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  • The 2016 election has proven to be one of the most unexpected and divided elections in recent history.

  • But outside of the United States, there seems to be less of a divide over the two candidates,

  • and more of a surprise at the overall state of affairs in the United States.

  • So we reached out around the world to find out, what exactly do non-Americans think of

  • the 2016 Election?

  • Well, both Hillary Clinton and Donald Trump are generally seen as controversial, but for

  • a wide majority of the world, Trump is the center of their focus.

  • I think everyone has heard about this quote you know about banning Muslims. I just thought that was utterly disgusting.

  • Some people were slightly concerned about their safety. They're like if Donald Trump wins, it's not going to end up well for Iran.

  • If I were an American citizen, I would definitely vote for abstentions. Neither Secretary Clinton nor Mister Trump are trustworthy.

  • Trump’s popularity has been a bit of a shock, so much so that for many, the frontrunner,

  • Clinton, is at the back of their minds.

  • There's some email thing which is going on recently, but I just don't think it grabs people's attention and to want to talk about it enough

  • You know, any conversations being had here, is not an "I hate Hillary" one, it's more of "what on earth is Donald Trump getting up to."

  • In the UK, Clinton has also been repeatedly compared to Margaret Thatcher, who was famously

  • and widely disliked but considered a strong and decisive leader.

  • Similar comparisons have been made in Germany as well, which currently has a center-right

  • leaning female leader.

  • An election week poll found that 86% of Germans would sooner vote for Clinton compared to

  • just 4% for Trump.

  • I would vote for the democrats and therefore Hilary Clinton, even though I don't necessarily agree with her politics.

  • In Germany, we used to vote for parties rather than people, so I guess the cause of the entire party is more important to us than the individuals.

  • Notably, the potential election of a female president has not been seen asgroundbreaking

  • outside of the US, where female leaders have become ubiquitous.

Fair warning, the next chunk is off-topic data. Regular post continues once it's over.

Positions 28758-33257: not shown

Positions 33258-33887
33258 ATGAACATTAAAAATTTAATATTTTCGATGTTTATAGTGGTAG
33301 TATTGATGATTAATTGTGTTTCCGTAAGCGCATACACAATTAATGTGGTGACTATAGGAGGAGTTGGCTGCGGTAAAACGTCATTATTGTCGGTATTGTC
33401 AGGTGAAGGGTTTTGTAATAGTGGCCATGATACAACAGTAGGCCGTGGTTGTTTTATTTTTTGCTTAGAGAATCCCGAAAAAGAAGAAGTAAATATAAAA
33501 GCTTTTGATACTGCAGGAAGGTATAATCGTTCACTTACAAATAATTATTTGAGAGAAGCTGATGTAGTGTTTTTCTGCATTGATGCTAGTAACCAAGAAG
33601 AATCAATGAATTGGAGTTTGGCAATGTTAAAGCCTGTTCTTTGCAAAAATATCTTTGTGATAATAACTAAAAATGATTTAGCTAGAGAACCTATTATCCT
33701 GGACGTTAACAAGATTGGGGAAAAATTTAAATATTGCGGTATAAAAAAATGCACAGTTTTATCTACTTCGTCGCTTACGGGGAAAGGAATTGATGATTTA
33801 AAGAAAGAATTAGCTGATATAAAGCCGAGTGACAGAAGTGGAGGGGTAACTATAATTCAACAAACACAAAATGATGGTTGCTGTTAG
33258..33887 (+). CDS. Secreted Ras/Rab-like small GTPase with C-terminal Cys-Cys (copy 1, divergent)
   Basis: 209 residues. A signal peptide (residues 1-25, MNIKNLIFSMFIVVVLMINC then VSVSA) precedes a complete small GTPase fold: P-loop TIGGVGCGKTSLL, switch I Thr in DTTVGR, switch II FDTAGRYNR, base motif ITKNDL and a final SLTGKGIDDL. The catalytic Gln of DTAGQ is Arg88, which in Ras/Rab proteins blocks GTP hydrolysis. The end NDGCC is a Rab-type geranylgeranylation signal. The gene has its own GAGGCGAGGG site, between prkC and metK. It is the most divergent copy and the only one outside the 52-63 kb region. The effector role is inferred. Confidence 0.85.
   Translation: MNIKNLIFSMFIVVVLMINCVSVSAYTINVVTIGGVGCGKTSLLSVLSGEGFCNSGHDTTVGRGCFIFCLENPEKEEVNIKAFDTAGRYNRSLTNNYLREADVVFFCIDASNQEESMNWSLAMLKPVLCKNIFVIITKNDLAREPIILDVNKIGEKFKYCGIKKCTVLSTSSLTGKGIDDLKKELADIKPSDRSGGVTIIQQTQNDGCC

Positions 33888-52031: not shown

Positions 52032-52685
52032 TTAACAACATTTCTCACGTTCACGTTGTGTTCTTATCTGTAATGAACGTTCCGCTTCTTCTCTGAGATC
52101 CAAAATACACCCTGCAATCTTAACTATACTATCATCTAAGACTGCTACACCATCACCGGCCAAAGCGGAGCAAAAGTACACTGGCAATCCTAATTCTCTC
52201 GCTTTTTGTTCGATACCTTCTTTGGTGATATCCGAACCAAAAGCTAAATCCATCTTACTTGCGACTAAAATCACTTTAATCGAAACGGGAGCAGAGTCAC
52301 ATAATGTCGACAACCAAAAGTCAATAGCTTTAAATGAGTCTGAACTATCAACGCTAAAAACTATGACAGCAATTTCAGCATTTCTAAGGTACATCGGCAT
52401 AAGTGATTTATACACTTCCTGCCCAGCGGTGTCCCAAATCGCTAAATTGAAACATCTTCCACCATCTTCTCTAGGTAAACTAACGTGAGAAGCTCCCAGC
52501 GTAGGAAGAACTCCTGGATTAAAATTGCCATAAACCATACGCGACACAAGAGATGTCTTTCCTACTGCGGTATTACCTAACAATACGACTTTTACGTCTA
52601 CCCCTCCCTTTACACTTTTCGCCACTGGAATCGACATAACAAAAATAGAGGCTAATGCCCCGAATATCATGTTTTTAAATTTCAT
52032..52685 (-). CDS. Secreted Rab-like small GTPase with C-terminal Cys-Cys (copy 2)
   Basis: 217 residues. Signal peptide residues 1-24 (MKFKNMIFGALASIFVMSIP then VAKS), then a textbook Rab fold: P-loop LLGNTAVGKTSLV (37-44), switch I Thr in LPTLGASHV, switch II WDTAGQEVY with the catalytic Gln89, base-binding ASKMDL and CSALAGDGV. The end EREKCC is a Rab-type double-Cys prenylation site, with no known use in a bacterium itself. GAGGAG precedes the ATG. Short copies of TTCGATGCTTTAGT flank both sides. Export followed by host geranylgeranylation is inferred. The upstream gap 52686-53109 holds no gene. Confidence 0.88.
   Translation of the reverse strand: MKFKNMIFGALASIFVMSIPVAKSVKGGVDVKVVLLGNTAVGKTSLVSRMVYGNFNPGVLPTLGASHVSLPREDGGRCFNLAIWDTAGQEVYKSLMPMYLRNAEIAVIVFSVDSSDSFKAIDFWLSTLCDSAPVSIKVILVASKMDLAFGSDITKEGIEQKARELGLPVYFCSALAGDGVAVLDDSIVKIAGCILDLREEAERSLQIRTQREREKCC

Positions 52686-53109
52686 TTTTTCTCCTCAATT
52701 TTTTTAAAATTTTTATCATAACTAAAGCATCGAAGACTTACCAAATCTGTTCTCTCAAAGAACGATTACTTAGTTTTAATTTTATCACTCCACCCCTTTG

• Nonetheless, in more socially progressive countries like France, Clinton’s appeal

  • stands out, especially in light of Trump.

  • I think that her program speaks to me because several of its core principles are close to what we get in France and what we are very attached to.

  • Across the Pacific, those living in Mexico, are no less willing to hide their disdain,

  • than Trump has been willing to make inflammatory comments about their country.

  • One Mexican academic compared the fear of Latinos in the US to the fear of communism

  • in the 1950s, predicting a “brown panicbrought on by Trump’s rhetoric.

  • As for Clinton, many in Mexico clearly prefer her to the alternative, with one law student

  • telling the LA Times, “She’s an intelligent woman and knows Mexico, and it appears that

  • she supports immigration.”

  • But people from other countries, particularly in the Middle East, don’t seem altogether

  • excited about a Clinton presidency.

  • A report in June by the Washington Post showed that Egyptians seem less concerned with who

  • becomes president, and expect the result to be roughly the same for them: negative.

  • Not far away, Iranians similarly seems guarded, especially in light of the recent nuclear

  • deal.

  • There was a sense of fear, people were asking me like how is Donald Trump qualified

  • How is it that possible they're letting someone like that run for the election. He will definitely override the deal.

  • Interestingly, many Israelis have shown support for Trump, although the common thread ofanyone

  • who supports Israelseems more important than the candidates themselves.

  • Trump, as a Republican, is more likely to unconditionally support Israel, while there

  • are some fears of Clinton continuing the US’s allied but critical stance, despite her overall

  • support.

  • The biggest difference between the US and the rest of the world seems to be the level

  • of shock surrounding Trump’s success.

  • One German academic wrote, “Trump’s unstoppable rise is seen mostly as a symptom of a distinctly

  • American disease.

  • In no other democracy in the world, it is said, could voters be so openly motivated

  • by greed, show so little concern for less-privileged fellow citizens and be so politically ignorant.”

  • Nonetheless, while Clinton is the preferred choice, she is not without criticism by the

  • rest of the world.

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The 2016 election has proven to be one of the most unexpected and divided elections in recent history.

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What The World Thinks Of The U.S. Election

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    韓澐 posted on 2016/11/09
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